Exercise in pregnancy: What, when, where and how??
Let’s talk about exercise in pregnancy: what, when, where and how! This is as individual and unique to your exercise preferences and choices as an apple is to a pear!
Without wanting to give you more questions than answers, things to consider are:
Did you exercise before pregnancy?
Are you feeling well/not?
Can you talk and walk ok without severe breathlessness?
Do you have any pregnancy niggles, aches or discomfort?
What exercise do you enjoy?
The best things we can do depend on what we enjoy and what we need.
WHAT exercise in pregnancy?
Breath work – is an exercise form. It can be relaxing, empowering, calming and help you really connect to your body and your baby.
Core work – pregnancy pilates helps you to engage and relax your all important tummy and pelvic floor muscles and keeps you moving. Pilates exercise will strengthen your whole body and make you more body aware which are great for labour and post natal stages.
Yoga – pregnancy led classes are great for body movement and releasing as you move through certain postures and positions. It helps you to calm, connect to your baby and can ease away aches and pains.
Walking – unless you have severe pain we should all be walking in pregnancy. For some of us that may mean doing side steps or backwards walking with support. The distance is irrelevant, the how is important.
Running – not for everyone but if you ran before there is no reason not to continue in pregnancy unless you have been advised not to.
Dancing – carry on and enjoy the movement. Listen to your body and make smaller movements when you get heavier or as your body tells you.
Swimming – carry on and enjoy the lightness the water brings as you offload your joints. Breast stroke legs can aggravate some discomfort in the front of you pelvis so if this is you try crawl legs instead with breast stroke arms if that works, or a different stroke.
Exercise in water – so beneficial and really lovely to offload pressure through your joints. I did a lot of exercises in the water with my second pregnancy, like squats, calf raises, leg extensions, tricep dips in the baby pool. It was a wonderful way to keep mobility and strength in my body.
Lifting heavy – you’re about to have a baby, a car seat, a pram, shopping, etc to LIFT and so strengthening in pregnancy is important. If you have never done this before then please do so with a pregnancy qualified fitness professional. Technique is important in pregnancy. Breathing out with the heavy lift (effort) is important and not holding your breath is crucial to avoid overloading your pelvic floor and abdomen.
Things to consider/avoid:
Contact sports – anything where there is a risk of being hit in the tummy such as;
Kickboxing, Judo, Squash, Netball, Football, Hockey, Basketball, Tennis.
A possibility of a fall/loss of balance such as; Horse Riding, Downhill skiing, Ice skating, Gymnastics, Cycling.
Exercising at an altitude over 2500 metres until you have acclimatised to it.
Exercising flat on your back after 15 weeks can lower your maternal cardiac output as the weight of your growing uterus + baby causes compression to your heart vena cava vein. The signs for this are nausea, feeling faint, dizzy or breathless. Move onto your side if you get any of these symptoms. Please note these symptoms do not happen to everyone but there are so many other positions you can exercise safely in that for many of us, we really don’t need exercise flat on our backs.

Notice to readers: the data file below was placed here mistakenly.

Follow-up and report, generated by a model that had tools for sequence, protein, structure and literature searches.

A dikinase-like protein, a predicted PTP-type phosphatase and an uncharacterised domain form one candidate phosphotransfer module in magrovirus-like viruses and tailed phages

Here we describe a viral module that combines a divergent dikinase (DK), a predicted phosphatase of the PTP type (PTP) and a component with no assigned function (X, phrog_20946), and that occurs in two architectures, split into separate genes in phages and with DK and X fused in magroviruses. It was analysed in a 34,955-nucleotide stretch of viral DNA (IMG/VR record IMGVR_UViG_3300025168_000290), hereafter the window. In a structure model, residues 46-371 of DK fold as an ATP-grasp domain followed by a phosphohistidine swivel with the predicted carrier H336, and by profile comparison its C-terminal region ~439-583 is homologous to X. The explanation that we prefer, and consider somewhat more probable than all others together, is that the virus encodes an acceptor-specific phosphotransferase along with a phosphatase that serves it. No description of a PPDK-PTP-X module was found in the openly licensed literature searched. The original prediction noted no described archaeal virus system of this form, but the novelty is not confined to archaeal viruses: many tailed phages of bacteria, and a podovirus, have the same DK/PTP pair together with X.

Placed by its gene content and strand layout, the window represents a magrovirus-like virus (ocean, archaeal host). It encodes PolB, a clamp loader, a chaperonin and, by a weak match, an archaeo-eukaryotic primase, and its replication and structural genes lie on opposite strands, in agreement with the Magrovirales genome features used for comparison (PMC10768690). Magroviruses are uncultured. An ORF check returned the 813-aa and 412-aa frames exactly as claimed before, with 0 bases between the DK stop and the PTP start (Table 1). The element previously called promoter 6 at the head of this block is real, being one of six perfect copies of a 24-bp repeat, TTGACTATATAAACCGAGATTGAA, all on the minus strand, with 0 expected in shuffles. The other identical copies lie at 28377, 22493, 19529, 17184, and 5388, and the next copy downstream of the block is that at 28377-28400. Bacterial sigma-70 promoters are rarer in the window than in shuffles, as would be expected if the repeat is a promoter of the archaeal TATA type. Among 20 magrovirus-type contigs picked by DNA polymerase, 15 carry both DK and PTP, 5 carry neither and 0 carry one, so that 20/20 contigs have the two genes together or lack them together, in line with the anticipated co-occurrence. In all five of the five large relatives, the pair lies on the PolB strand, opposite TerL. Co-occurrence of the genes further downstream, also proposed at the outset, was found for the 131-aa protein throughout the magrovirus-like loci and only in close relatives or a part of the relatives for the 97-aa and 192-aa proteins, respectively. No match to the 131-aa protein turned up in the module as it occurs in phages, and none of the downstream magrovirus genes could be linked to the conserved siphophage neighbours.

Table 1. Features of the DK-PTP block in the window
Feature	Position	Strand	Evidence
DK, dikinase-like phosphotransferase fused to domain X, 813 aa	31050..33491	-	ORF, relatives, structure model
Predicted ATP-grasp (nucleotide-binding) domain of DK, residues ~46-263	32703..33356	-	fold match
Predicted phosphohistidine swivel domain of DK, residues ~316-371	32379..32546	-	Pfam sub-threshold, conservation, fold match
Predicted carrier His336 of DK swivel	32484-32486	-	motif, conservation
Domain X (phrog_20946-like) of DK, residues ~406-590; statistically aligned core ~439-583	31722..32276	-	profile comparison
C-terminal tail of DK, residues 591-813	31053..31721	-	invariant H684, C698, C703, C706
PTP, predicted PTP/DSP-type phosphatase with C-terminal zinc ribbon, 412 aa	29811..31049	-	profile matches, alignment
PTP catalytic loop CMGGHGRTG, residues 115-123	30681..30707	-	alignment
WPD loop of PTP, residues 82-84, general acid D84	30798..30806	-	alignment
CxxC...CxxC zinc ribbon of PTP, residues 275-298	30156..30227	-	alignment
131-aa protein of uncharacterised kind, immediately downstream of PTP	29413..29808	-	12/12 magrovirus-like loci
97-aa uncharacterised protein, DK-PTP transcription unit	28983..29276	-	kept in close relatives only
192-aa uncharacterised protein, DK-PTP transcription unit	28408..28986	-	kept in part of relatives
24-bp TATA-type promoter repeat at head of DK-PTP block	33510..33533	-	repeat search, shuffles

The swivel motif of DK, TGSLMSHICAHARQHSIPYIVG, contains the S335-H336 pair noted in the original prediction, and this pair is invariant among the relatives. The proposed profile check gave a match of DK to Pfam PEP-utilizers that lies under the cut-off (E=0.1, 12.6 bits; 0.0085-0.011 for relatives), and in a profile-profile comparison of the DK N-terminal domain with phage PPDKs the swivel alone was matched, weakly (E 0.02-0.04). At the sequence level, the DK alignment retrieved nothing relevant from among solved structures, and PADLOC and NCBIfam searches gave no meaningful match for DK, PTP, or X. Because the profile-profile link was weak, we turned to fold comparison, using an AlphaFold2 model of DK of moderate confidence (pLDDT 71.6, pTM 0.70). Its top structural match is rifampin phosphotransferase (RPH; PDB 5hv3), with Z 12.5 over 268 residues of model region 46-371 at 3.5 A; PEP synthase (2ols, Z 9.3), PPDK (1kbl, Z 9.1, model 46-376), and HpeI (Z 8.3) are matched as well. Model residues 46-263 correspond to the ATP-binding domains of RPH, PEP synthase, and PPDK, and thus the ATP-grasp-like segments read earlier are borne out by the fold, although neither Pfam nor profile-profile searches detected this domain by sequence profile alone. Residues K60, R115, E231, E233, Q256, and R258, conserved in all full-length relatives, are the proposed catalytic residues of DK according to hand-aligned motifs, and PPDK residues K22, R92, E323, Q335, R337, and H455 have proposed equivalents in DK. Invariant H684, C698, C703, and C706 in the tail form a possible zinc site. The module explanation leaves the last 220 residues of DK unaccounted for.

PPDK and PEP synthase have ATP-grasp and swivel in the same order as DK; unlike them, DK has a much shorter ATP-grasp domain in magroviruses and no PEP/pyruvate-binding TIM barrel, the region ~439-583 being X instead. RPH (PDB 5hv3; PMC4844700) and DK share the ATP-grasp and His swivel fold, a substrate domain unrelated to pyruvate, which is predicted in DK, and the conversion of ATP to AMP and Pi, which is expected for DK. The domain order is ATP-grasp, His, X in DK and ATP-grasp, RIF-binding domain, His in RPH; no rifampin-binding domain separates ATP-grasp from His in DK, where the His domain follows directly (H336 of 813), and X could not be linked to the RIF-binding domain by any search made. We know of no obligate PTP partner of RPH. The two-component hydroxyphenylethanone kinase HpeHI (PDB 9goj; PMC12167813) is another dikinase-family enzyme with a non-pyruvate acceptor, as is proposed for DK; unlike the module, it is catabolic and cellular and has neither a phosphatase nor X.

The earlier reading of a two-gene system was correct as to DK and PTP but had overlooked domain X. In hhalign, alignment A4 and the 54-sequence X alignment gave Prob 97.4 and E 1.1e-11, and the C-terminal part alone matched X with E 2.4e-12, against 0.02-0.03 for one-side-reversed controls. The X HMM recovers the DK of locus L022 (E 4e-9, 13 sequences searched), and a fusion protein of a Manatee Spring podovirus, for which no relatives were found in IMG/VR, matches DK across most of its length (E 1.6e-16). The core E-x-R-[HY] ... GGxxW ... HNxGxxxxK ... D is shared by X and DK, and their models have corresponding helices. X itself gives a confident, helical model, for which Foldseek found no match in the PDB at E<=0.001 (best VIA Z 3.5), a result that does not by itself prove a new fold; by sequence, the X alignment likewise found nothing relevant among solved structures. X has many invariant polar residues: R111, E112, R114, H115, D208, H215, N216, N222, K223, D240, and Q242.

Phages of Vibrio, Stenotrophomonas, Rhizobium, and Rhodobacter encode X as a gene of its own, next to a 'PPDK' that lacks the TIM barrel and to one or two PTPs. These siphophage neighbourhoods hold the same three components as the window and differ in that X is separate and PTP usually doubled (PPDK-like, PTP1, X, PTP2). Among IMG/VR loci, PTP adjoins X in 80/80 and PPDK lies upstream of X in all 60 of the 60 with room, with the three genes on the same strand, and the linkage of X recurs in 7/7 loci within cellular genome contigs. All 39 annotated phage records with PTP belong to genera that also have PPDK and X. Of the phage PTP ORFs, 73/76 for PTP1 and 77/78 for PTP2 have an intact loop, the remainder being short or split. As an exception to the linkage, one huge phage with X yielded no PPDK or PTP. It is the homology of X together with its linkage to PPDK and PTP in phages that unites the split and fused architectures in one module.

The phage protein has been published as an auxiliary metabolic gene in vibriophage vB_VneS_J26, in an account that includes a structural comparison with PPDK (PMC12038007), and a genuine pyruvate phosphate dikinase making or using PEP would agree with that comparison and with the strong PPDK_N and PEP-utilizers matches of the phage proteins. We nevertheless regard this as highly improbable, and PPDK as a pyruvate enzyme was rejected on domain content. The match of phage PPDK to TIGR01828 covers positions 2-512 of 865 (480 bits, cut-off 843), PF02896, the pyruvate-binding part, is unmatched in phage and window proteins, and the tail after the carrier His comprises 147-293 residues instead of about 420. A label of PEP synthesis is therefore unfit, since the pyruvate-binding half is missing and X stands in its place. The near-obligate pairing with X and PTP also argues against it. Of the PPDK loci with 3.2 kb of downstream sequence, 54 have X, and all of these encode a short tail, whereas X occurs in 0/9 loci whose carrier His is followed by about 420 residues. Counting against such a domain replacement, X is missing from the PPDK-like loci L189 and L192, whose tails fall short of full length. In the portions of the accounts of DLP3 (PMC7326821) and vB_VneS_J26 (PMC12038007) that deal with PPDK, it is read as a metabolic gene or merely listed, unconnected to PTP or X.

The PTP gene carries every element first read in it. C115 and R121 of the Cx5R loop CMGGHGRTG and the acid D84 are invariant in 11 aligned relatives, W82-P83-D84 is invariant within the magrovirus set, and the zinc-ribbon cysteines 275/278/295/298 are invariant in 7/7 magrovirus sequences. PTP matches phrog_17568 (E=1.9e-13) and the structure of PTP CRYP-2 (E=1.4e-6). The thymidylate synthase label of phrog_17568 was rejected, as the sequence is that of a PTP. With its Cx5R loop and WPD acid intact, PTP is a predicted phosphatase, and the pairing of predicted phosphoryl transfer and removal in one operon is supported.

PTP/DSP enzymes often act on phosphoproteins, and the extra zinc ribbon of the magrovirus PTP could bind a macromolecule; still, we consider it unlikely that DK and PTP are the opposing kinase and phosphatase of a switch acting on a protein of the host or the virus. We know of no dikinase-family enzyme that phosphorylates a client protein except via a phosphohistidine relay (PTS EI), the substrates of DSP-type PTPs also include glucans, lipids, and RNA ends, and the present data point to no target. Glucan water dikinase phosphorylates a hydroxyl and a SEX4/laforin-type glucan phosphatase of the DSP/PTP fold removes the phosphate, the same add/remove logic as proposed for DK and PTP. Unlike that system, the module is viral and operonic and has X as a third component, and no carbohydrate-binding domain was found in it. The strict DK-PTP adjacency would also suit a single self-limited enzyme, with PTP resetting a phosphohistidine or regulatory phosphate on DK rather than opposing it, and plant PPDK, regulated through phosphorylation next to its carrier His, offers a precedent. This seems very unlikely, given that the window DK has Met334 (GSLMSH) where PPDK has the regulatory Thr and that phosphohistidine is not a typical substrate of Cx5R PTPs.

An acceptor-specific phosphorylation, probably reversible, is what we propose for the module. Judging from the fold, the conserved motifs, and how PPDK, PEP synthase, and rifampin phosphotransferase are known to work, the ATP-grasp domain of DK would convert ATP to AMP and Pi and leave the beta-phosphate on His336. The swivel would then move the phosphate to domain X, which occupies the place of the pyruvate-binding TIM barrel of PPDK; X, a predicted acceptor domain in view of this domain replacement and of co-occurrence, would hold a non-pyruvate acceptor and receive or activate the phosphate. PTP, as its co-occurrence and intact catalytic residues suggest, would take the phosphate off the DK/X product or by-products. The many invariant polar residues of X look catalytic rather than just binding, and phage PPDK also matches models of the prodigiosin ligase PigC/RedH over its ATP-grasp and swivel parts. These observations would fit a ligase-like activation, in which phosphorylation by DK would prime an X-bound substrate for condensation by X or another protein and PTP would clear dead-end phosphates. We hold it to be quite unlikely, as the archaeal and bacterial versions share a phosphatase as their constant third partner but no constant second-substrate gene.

Scuba -diving – the BIG No no as your unborn baby is not protected against decompression sickness or gas emboli.
Use your judgement and know your limits.
WHEN should I exercise?
It’s safe for the majority of us to exercise throughout our pregnancies. Listen to your body. You may feel queasy and sickly in your first trimester and not have the energy to do anything or you might feel ok and continue with your normal routine. We are all different. There is no right or wrong way.
WHERE should I exercise?
Ideally alongside a pregnancy qualified fitness instructor/physiotherapist who knows about the changes in pregnancy and can adapt exercises to your needs. Please be mindful of classes that say pregnant people welcome but are not specific classes as many do not have the correct knowledge to ensure you are exercising safely in pregnancy.
Specialist pregnancy led exercise classes in your area are a good starting point or gyms with trainers who have pelvic floor training and awareness. Ask other pregnant or post natal people in your area for recommendations.
HOW much exercise should I be doing in pregnancy?
The Royal College of Obstetricians and Gynaecologists (RCOG) recommend “in the absence of medical or obstetric complications, 30 minute sessions four times a week to daily of moderate exercise”.
You can find an infographic of their guideline here:
If you were previously a non exerciser then start 15 minutes, three times a week building up to the above recommendations.
Effort wise, it is important you maintain a TALK & WALK type of level of exertion if exercising whilst pregnant. Your heart rate is naturally faster and your body temperature can heat up quickly so you need to monitor the intensity of your workout.
Make sure you are working hard enough to start breathing through your mouth and not your nose but you can carry on a conversation.
I hope you find this information useful. For more great pregnancy education and awareness,